By Deepshikha Sikarwar, ET Bureau | 23 Jan, 2016, 10.31AM IST | Economic Times
NEW DELHI: Interest rates on popular small savings schemes such as Public Provident Fund (PPF), National Savings Certificate (NSC) and the Kisan Vikas Patra could soon be reset every quarter as part of the government’s plan to peg them closer to market rates to reduce market distortions and help the cause of lower interest rates.
The government will also reduce the mark-up over the benchmark government bond rate for such schemes of small maturities to nudge short term rates lower.
High interest rates on small savings schemes have long been cited as a structural barrier to interest rates coming down as they compete with bank deposits, but are not subject to the same kind of market pressures as them. Because they stay high, bank deposit rates are forced to remain high and therefore prevent lending rates from coming down.
A senior government official said the first reset under the new rules will happen from April 1 this year and rates are expected to fall. A notification will be issued soon, this official said, adding that interest rates on schemes for senior citizens and a scheme for girl children were not likely to be revised.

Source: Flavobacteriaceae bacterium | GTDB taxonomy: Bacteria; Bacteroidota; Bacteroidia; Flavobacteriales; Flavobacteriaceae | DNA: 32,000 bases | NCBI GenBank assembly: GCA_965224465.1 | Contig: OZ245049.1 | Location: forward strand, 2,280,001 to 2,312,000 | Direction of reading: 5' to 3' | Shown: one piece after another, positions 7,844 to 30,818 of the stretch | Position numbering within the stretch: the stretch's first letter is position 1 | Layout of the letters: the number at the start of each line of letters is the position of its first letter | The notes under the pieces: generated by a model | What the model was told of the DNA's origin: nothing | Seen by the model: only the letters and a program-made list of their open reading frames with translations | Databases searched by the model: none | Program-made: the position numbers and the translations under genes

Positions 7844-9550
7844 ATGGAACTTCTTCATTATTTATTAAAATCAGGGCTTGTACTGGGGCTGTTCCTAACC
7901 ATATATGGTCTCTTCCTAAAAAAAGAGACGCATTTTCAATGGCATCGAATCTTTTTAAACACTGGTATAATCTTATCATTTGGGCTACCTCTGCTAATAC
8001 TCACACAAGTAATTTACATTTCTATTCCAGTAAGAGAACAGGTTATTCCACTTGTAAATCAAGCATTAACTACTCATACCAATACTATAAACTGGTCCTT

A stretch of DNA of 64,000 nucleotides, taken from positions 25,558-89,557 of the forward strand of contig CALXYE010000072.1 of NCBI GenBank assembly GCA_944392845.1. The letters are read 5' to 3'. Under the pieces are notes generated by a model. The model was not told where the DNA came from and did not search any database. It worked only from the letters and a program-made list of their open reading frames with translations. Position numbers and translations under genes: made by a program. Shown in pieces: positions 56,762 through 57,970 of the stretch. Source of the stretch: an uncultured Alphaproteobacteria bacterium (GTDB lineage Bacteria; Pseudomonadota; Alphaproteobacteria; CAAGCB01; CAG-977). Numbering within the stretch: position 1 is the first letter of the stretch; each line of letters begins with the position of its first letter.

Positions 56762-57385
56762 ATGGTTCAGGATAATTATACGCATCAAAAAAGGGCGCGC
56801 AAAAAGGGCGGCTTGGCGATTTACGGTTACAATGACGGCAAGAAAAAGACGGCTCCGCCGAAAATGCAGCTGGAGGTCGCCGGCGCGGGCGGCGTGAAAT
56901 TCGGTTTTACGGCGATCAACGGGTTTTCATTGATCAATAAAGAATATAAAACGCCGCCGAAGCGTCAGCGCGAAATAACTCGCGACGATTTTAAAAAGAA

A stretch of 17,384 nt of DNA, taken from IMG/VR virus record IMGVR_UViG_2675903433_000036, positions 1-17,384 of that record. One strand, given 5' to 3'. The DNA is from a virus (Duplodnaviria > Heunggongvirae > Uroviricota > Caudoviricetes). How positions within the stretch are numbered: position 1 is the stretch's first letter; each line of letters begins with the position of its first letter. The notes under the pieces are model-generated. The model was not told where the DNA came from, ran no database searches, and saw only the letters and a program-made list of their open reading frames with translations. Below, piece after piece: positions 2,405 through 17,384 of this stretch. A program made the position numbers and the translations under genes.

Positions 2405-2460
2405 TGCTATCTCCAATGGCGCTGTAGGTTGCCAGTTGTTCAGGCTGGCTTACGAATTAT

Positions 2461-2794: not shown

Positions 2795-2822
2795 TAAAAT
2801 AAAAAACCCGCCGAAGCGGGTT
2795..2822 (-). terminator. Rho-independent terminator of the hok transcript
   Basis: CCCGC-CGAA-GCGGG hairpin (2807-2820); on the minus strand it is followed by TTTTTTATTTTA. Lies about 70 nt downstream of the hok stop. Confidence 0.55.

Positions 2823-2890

Small savings’ interest rates are linked to yields on government bonds of comparable tenure, but unlike gilts that are traded daily and see yields change, these change only sparingly.. The last revision in rates on these schemes was on April 1last year. Since then, market rates have moved south following a 0.75 percentage point policy rate cut by the Reserve Bank of India, creating a wide wedge between what the banks can offer and what is available on small savings.
State Bank of India, for example, offers 7 per cent on deposits of maturity of five years or more. Deposits of such tenure fetch 8.5 per cent in a post office small savings account. The PPF rate for a similar maturity is 8.7 per cent. This wide gap between small savings’ and market rates impacts deposit mobilisation by banks as their ability to reduce deposit rates is adversely impacted. This impacts banks’ ability to lower lending rates as well.
A quarterly reset of small savings rate will ensure that distortion in the rates caused by the small savings is kept to a minimum, officials said. The weighted average yield of dated government securities was 7.9 per cent in April-September 2015 compared with 8.81 per cent in the first half of the preceding year, potentially opening up the possibility of an up to one percentage point reduction in the small savings rate.
In their pre-budget meeting with Finance Minister Arun Jaitley earlier this month, banks and financial institutions had also suggested quarterly benchmarking of rates.
Source : http://goo.gl/LBLfSt